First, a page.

Can You Put Mountain Bike Tires On a Road Bike? Here’s The Answer

Are you looking for a way to use your road bike as a trail bike on a weekend trip with friends?  Maybe you have a set of mountain bike tires that you think might fit your road bike?

In my city the roads are perfect for biking, but mountain biking is becoming more popular. It would be nice to be able to change the tires on my road bike just to try out the new trails.

Will the tire fit?

The easiest way to tell if the mountain bike tire will work on your road bike is to eyeball the two tires side by side.

Remember the rims on mountain bike tires are larger and the width of the tire is wider too. Check to see if the bigger tire will fit inside the road bike frame.

If it is too big the seat tube above the cranks could hit the tire.

Some other places to check are the front and rear fork clearances, the stay bridge, any of the stays, and the down tube. You can find the size of your tire on the sidewall of the tire.

If you have a 25mm tire you could probably go up to a 30mm tire, but if you are looking for a something even bigger you should probably also go for a larger rim just for safety. 

Road bike tire sizes will look like this: 700x23.  The 700mm is the diameter and the 23mm is the width given in millimeters.

Mountain bike tire measurements are given in inches like this 26x2.0.  The 26” gives the diameter and the 2” is the width.

Mountain bike tires come in different sizes, typically 27.5” or 29” which will usually make it possible to find the right size so that you can trail ride with your road bike.  

​Check! Do the brakes fit too!

Not all bikes have the same kinds of brakes.  You may need to change the brakes if the existing ones don’t fit the larger tire.

V-brakes, which are commonly used on mountain bikes, are an evolved version of the cantilever brakes which are being used more on road bikes.

There has been a push by manufacturers to make all bikes with V-brakes.

The important thing is to be aware that when you are looking to replace the road bike tires with mountain bike tires the type of brakes you have may determine if you need a travel agent to extent the cable.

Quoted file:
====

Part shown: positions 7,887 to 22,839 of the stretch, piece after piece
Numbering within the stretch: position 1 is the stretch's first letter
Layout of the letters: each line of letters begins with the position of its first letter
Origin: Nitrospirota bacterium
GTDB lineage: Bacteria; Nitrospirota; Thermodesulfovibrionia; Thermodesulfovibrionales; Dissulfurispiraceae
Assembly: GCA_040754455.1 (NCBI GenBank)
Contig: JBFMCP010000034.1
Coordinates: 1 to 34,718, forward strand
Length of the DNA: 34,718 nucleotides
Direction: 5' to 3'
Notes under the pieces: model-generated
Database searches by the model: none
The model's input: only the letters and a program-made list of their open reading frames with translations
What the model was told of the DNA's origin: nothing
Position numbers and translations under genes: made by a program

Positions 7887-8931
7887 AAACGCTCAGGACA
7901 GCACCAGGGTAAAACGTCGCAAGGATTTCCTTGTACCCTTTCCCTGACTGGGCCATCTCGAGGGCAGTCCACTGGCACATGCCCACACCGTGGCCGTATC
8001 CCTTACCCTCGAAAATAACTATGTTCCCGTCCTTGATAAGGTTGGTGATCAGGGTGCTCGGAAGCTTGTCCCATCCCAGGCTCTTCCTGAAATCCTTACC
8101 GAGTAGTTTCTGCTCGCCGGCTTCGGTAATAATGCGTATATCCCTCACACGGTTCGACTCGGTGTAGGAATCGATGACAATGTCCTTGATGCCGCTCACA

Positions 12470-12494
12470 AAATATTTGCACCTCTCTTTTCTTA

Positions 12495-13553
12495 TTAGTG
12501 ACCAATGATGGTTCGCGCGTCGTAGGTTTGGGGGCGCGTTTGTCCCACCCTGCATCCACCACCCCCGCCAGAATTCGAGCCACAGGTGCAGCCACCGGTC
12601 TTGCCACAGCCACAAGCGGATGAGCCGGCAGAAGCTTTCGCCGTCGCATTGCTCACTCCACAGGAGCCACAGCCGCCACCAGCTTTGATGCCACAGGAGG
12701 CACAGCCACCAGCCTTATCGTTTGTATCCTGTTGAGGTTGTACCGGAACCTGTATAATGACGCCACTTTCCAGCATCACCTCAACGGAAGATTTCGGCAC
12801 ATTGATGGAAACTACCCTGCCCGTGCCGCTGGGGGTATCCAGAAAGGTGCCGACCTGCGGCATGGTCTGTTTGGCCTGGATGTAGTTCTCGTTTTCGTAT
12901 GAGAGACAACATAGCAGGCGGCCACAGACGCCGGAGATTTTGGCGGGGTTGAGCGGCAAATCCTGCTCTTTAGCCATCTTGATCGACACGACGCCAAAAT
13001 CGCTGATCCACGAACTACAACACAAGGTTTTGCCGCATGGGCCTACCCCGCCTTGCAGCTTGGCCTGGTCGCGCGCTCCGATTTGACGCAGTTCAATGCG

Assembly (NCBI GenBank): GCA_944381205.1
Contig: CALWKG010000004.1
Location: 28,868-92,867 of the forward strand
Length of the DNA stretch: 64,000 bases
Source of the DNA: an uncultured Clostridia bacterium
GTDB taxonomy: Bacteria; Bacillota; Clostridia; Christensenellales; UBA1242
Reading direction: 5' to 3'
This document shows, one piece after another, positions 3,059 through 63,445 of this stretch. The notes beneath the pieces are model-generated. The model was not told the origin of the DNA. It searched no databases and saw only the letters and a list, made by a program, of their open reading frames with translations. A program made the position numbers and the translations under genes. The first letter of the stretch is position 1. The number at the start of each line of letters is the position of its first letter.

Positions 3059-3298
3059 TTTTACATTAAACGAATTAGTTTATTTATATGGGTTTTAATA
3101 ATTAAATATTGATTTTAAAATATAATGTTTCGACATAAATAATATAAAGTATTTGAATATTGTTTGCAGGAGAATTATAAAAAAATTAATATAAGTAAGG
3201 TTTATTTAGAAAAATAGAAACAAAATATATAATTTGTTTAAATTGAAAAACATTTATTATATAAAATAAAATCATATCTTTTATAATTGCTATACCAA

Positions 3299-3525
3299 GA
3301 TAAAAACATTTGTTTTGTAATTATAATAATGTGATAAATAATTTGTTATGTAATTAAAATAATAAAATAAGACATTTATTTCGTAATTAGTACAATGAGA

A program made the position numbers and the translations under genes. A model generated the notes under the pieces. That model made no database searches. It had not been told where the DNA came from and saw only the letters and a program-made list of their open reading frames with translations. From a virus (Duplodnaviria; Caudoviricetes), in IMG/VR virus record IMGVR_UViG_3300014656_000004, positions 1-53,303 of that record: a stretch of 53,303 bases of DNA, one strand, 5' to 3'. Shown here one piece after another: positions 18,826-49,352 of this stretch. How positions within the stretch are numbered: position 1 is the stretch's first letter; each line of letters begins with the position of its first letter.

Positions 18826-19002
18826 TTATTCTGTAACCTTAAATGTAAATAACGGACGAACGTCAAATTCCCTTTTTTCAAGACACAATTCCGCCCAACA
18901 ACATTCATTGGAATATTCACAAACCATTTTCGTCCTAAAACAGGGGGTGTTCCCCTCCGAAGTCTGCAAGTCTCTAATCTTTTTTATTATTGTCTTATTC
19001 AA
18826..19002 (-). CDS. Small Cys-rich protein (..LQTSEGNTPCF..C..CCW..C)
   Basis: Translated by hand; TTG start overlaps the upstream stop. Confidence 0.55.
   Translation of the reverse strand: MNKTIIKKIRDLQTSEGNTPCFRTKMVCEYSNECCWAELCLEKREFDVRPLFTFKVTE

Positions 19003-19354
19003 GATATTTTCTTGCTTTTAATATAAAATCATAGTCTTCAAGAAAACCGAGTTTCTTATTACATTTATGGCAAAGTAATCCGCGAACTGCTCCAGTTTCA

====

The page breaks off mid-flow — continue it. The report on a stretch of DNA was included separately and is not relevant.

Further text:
Cantilevers, which work with road bikes may not fit the bigger tire and could cause some clearance problems.

Also keep in mind that even though they might fit, road bike brakes are not as heavy duty as mountain bike breaks.

It might be worth the time and trouble to switch these out if you are going on rough terrain and doing a lot of downhill.

​Make a quick switch

If you plan on changing out your road bike tires for mountain bike tires on a regular basis, you might want to consider setting up a tire and cassette combo.

The cassette is a set of circular metal discs on the rear hub.  These discs have teeth, or sprockets, which go with the number of gears you have.

Mountain bikes and all terrain bikes need a wide range of gears; whereas road bikes need fewer gears that make smoother transitions.

You might want to mount a cassette with a larger range of gears to the rear tire of the mountain bike tire and a road bike cassette to the road bike tire.

Then when it’s time to go from the road to the trails the mountain bike tire and cassette will be ready to switch.

Even though the road cassettes are compatible, the mountain bike cassettes are made to handle the extra force you will need on trails, and they give you the extra gears that will make your ride more fun.

Setting your tires up for a quick switch can save you time and wear and tear on your bike.  

Protect the frame

The possibility of turning your road bike into a mountain bike sounds tempting, but don’t forget about the rugged terrain.

The gravel roads will scratch the paint if you don’t take some simple precautions.

Frame tape will protect your bike so that you can stop thinking about every rock that makes a sound as it hits your bike.

Check this link to find some frame tape and buy some peace of mind. 

Conclusion

Can you use your road bike with mountain bike tires?  The quick answer is, yes, there are ways to make this work.

In certain circumstances the switch can be made, and you will be on the trails in no time flat. 

Most of the time it will be evident whether this is a viable option for your road bike. Just be sure to check your brakes.

The advantage of making the tire and cassette combos is that you will be able to change the tires out more easily, and you can have more gears for the all terrain trails.

Finally, don’t forget to protect your bike with frame tape. The versatility of changing tire types on a road bike is like having the best of both biking worlds.

Please send us your comments. We would love to hear about your experiences.  If you have any questions please use the comments section to contact us.

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